Evidence based practice
There is often a perception that legislation is used to inhibit practice and manage budgets. Phrases such as ‘we don’t do baths’ and ‘my local authority won’t fund baths’ appear commonplace.
However, legislation should instead be used to guide and assist practice. Through greater knowledge of the legislative content, occupational therapists can ensure recommendations remain cost effective whilst meeting long-term, holistic and client-centred needs.
To do this, therapists must reflect on the relationship between legislation and occupational therapy philosophy; how does it support holistic, client-centred practice with an occupational focus?
Some examples of this include:
Housing Grant, Construction and Regeneration Act (1996)
When determining the need for bathing adaptations, the decision more often than not, focuses on whether a bath or shower will be most suitable to meet the client’s ongoing needs. Knowledge of the legislation is essential to understand what work can be carried out using DFG funding.
For example, the Act states that DFGs can be used for ‘Facilitating access by the disabled occupant to, or providing for the disabled occupant, a room in which there is a bath or shower (or both)’.
Therefore, if an individual required a shower to meet specific hygiene needs but a bath for other aspects of occupational engagement such as play, role reinforcement or relaxation, then this is absolutely justifiable. The same could be used where the therapist needs to support the client and family residing in the same property.
Care Act (2014)
The Care Act was a breakthrough piece of legislation that changed focus from physical health to overall wellbeing for social care provision.
The legislation lists nine wellbeing principles including:
- Personal dignity
- Physical and mental health and emotional wellbeing
- Suitability of living accommodation
Although it does not specifically define wellbeing, you should consider aspects of wellbeing beyond just basic activities of daily living. It recognises that wellbeing includes the person’s need to contribute to society and their ability to have control over their day-to-day life. For professionals, the guidance gives them the authority to think more holistically about what contributes to wellbeing.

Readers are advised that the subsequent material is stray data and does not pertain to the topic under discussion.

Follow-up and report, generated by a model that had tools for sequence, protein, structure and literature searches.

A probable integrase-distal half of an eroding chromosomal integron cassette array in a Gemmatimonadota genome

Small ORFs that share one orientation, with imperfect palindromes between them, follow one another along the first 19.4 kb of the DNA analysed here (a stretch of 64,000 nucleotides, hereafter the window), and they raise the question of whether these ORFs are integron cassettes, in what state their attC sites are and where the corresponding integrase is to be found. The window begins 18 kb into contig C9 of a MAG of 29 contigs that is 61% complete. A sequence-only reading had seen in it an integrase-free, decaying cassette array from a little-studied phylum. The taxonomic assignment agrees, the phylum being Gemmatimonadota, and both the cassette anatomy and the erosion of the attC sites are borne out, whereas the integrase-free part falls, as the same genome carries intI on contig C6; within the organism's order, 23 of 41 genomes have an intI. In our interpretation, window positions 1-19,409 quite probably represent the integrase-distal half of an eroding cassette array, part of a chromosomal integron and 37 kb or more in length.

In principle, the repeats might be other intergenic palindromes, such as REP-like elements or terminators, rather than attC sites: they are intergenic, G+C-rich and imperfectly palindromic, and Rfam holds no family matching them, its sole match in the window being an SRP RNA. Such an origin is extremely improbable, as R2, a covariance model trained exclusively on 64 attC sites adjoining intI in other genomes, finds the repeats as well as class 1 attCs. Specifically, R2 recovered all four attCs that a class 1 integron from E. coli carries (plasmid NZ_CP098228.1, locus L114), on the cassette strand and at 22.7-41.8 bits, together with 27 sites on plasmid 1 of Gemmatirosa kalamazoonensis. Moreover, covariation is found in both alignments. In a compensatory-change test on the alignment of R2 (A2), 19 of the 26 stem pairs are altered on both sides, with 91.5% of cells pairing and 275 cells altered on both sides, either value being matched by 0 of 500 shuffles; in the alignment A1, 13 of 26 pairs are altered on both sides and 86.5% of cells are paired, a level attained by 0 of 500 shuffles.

The Care Act also states that the client is best placed to judge their own wellbeing needs.
Using the wellbeing agenda within recommendations and clearly evidencing the impact on the client is crucial in determining the outcome.
Chronically Sick & Disabled Person Act (1970)
Although superseded by The Care Act for adults, CSDP remains in place for children.
Section 2 lays out a range of services including “assistance with home adaptations, or the provision of additional facilities designed to secure greater safety, comfort or convenience.” How therapists use the terms safety, comfort and convenience to support recommendations can have a big impact on the outcome.
The Children’s Act
Schedule 2 of the Act requires that Local Authorities provide services to minimise the effect of disabilities on children and give such children the opportunity to lead lives which are as normal as possible.
In the context of bathing, which is widely regarded as a normal daily activity for children in the UK, this means that all children (client and their siblings) have the right to bathe.
Although this is not an exclusive list of legislation, it provides an example of how the specific wording, if known, can be used to actively promote positive change, whilst maintaining the occupational therapy philosophy of client centred, holistic and occupation focused intervention.
Clinical reasoning is the process therapists go through to determine, justify and defend their recommendations. To ensure that the clinical reasoning is robust the therapist must ensure that they have all of the required information about the person, their environment, their meaningful occupations and the most relevant up to date evidence base.